Submitted by Nisha on Fri, 2017-12-22 14:09
So the Man Booker Prize 2018 now has its team. Following the announcement of Kwame Anthony Appiah as chair of the 50th anniversary judges his fellow scrutineers have just been revealed: the crime novelist Val McDermid; the cultural critic Leo Robson; the academic Jacqueline Rose; and the artist and graphic novelist Leanne Shapton. It seems invidious with such a distinguished bunch but it is worth picking out one notable attribute for each judge. Val McDermid was Celebrity Mastermind champion in 2013; Leo Robson's range encompasses writing about Prime Minister's Questions for the New Yorker; Jacqueline Rose once had an Yves Saint Laurent scarf and convinced friends the initials stood for Young Socialist League; and Leanne Shapton was a good enough swimmer to make it to the 1992 Canadian Olympic trials. So as in novels so in the judging panel – all of human life is here.
Jacqueline Rose is perhaps best known by the academic world for her work as a feminist critic; she was also one of several Man Booker figures asked by the The Guardian to nominate “The book that made me a feminist.” Rose chose Sigmund Freud’s 1905 Fragment of an Analysis of a Case of Hysteria, best known as “the Case of Dora” because it showed that “The desires of women are multifaceted and will not be adapted to the requisite social norms.” Margaret Atwood (Man Booker winner 2000) chose Grimm's Fairy Tales because, for the numerous female protagonists, “The odds are stacked against them, but they win through.” Sarah Churchwell (Man Booker judge 2014) plumped for Willa Cather's The Song of the Lark for its depiction of a young girl following her calling as a singer; while Kamila Shamsie (Man Booker longlistee 2017) went for the work of Ismat Chughtai in which “she highlights how unedifying it is to construct a category of 'oppressed women' in a world in which all women – including Ismat – have to contend with patriarchy”.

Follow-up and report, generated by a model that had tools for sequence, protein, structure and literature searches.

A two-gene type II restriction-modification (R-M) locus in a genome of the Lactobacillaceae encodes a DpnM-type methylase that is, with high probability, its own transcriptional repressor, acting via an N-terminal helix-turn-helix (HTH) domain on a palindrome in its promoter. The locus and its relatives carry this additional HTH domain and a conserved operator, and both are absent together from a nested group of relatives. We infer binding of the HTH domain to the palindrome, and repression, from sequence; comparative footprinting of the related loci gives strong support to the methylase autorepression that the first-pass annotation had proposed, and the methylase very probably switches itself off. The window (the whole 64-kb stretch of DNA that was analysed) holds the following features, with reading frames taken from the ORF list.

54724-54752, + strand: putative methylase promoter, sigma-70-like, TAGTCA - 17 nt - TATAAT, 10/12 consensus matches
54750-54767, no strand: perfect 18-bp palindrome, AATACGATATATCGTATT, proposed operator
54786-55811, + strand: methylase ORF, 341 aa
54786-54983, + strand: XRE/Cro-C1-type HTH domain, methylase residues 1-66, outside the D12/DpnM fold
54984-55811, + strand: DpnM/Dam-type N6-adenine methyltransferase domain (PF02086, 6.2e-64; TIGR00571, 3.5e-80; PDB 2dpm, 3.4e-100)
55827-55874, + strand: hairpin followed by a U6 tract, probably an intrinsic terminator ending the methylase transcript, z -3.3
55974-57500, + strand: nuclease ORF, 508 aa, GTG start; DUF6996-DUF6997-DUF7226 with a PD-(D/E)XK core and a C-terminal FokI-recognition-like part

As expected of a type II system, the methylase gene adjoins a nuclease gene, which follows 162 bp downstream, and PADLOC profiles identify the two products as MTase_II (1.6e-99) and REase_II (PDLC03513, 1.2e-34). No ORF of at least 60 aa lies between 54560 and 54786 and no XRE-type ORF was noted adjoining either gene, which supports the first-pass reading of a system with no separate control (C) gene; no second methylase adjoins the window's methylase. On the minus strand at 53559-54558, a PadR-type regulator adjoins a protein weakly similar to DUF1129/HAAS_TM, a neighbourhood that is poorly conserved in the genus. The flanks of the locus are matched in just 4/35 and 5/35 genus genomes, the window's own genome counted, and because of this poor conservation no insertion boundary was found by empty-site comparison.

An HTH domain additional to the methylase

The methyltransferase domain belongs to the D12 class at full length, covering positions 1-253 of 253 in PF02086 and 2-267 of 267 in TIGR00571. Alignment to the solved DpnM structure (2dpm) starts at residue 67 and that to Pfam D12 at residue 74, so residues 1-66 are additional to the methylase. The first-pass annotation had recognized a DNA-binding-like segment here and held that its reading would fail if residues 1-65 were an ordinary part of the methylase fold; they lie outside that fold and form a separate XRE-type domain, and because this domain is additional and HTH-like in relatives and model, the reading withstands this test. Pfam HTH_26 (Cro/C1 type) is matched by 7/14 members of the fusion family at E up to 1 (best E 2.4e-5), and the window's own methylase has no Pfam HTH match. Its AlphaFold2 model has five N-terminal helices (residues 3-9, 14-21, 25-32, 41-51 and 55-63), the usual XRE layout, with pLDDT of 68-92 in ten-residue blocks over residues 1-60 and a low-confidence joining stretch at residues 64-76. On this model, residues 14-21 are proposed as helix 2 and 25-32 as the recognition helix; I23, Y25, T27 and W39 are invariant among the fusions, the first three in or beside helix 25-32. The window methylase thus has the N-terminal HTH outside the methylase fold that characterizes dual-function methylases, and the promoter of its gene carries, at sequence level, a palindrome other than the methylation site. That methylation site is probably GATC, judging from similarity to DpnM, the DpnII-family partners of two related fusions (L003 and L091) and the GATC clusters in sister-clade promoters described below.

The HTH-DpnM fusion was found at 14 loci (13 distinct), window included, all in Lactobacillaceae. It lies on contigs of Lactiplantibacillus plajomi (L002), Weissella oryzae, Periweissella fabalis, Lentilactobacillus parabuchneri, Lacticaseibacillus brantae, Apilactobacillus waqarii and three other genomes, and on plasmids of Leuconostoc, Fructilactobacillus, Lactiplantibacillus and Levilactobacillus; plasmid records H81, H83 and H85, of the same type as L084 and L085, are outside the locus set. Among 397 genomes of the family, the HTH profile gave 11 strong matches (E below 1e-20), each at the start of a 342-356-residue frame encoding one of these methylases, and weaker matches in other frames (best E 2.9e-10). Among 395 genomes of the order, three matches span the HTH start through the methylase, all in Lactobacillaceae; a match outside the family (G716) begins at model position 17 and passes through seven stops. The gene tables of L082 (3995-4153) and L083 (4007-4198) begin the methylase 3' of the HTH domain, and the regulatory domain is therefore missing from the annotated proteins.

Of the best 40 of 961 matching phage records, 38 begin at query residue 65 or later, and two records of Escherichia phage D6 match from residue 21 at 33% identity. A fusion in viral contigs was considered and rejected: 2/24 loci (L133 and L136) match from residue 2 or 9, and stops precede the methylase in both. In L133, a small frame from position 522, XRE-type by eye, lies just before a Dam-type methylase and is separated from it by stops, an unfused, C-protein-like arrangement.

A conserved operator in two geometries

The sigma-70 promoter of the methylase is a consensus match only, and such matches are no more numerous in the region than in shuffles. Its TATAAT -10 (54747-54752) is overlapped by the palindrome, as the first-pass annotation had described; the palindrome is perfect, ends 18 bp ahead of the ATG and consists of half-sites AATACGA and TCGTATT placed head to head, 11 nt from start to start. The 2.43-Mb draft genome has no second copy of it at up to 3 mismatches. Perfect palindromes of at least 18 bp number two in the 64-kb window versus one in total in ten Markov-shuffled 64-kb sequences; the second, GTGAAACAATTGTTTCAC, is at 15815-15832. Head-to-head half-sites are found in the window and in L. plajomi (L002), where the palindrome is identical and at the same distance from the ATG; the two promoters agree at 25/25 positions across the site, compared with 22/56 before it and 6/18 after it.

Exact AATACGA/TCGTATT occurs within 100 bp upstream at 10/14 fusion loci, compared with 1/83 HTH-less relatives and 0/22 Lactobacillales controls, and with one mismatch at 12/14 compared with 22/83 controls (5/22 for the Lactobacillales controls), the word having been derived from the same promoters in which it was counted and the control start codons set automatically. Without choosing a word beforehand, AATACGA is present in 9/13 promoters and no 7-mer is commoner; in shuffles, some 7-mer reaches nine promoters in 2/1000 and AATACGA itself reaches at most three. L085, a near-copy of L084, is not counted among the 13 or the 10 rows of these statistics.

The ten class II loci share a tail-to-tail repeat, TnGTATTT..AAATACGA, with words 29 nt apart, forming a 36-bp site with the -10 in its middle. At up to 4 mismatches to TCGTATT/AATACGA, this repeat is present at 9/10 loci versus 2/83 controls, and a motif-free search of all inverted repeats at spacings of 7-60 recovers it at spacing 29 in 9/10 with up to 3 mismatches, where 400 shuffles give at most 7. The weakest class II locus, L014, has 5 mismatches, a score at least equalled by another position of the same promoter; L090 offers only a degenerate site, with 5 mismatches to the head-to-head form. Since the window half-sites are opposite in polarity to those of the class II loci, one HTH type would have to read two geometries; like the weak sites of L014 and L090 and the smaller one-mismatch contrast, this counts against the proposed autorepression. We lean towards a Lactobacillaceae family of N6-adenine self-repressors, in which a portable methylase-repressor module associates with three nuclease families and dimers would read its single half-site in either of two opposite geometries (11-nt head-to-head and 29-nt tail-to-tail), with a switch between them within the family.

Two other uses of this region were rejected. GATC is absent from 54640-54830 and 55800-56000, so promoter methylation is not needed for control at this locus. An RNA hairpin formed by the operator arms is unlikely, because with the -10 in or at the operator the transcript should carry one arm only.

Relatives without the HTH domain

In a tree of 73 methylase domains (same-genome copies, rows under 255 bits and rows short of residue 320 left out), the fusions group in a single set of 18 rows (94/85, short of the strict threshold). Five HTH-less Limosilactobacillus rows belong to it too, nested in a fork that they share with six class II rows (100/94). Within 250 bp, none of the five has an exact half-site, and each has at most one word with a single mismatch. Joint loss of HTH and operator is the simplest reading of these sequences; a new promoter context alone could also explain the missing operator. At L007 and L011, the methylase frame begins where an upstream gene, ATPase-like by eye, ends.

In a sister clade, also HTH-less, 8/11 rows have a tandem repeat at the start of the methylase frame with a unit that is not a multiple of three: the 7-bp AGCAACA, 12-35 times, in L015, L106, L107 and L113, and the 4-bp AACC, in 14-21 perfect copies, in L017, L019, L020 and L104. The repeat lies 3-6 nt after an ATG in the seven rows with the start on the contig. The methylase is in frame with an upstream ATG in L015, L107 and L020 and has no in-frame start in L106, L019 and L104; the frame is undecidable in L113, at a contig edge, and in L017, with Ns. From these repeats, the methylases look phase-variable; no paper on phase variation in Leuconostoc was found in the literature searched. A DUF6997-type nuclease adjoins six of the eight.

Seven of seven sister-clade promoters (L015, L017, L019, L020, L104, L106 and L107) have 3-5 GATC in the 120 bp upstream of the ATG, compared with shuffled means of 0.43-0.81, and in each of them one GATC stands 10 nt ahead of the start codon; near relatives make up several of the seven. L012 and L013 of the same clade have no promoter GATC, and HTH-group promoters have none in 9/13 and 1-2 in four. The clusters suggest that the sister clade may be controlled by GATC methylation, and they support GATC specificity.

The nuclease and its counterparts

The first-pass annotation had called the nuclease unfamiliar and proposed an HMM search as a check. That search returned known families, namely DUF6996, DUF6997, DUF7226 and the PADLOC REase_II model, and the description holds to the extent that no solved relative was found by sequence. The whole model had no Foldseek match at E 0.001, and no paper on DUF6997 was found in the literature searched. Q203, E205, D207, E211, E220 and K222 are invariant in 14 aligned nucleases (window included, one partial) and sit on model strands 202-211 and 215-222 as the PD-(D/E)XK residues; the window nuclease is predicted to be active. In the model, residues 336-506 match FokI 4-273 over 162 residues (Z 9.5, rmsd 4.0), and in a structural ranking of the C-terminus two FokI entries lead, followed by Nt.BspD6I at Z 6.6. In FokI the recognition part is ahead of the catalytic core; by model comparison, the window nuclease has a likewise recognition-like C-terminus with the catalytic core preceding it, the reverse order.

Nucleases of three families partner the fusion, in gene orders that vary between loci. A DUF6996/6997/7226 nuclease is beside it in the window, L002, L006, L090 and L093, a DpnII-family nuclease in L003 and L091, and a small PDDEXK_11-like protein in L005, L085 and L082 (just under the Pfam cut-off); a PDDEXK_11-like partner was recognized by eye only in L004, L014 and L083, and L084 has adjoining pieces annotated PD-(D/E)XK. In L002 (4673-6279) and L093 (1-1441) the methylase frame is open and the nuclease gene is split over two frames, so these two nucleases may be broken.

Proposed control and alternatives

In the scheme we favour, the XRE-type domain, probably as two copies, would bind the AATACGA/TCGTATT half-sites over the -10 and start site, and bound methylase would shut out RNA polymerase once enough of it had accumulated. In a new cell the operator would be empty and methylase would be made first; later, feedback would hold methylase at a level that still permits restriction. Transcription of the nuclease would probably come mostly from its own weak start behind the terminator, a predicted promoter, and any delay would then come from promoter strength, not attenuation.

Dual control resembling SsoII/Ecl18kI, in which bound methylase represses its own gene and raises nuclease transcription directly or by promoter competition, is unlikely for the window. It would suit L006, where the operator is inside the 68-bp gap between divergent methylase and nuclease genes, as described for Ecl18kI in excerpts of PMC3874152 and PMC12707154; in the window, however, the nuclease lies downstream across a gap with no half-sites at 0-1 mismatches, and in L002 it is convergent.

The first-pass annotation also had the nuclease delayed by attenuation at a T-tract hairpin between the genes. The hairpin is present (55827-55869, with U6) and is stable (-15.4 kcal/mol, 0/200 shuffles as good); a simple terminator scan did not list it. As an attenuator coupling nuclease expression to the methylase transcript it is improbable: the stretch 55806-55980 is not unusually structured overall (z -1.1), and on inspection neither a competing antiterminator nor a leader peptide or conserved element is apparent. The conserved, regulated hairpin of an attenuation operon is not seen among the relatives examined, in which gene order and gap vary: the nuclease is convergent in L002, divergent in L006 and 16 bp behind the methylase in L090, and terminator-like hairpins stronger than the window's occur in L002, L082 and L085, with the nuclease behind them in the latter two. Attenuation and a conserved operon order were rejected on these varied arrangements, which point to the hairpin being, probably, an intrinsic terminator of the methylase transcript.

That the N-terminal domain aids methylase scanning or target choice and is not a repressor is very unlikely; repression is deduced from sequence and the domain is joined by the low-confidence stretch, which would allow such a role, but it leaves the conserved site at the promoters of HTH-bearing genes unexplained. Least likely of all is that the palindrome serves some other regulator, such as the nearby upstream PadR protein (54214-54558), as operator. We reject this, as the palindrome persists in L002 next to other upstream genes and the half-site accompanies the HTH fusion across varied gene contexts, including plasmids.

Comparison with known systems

Anne Enright, Man Booker winner in 2007, is also much exercised by feminism. Reflecting on her role as the inaugural Laureate of Irish Fiction she realised that, despite herself, gender politics came with the job: “Listening to arguments about gender makes men mildly defensive and takes very little of their time,” she concluded. “If you are a woman, making these arguments will eat your head, your talent and your life. None of this ever seemed to me fair, or even useful.”
Sticking with the Man Booker’s distaff side, Hilary Mantel (winner in 2009 and 2012) has been poking the wasps' nest again. In a brief Q&A discussing her life as a reader rather than writer she admitted that Yeats made her cry (presumably for being affecting rather than risible) but went on to diss both Walter Scott and Charles Dickens. Of Scott she noted that “I started Peveril of the Peak when I was 12. Death will arrive before I finish it. Maybe no one has ever finished it. Except Sir Walter Scott, unfortunately.” While she went further with Dickens: “there are whole swathes of Charles Dickens that I barely attempt. It just seems such awful stuff – coarse, sentimental, conceited”.
Another one of our wonderful Man Booker women, Han Kang, Man Booker International Prize winner in 2016, has credited becoming a writer to an unusual source: migraines. She has been afflicted with them since she was a teenager and their onset means “I have to stop my work, my reading, my routine, so it’s always making me humble, helping me realise I’m mortal and vulnerable . . . Maybe if I was 100% healthy and energetic I couldn’t have become a writer.” Writers often describe what they do as being painful but few have meant it so literally.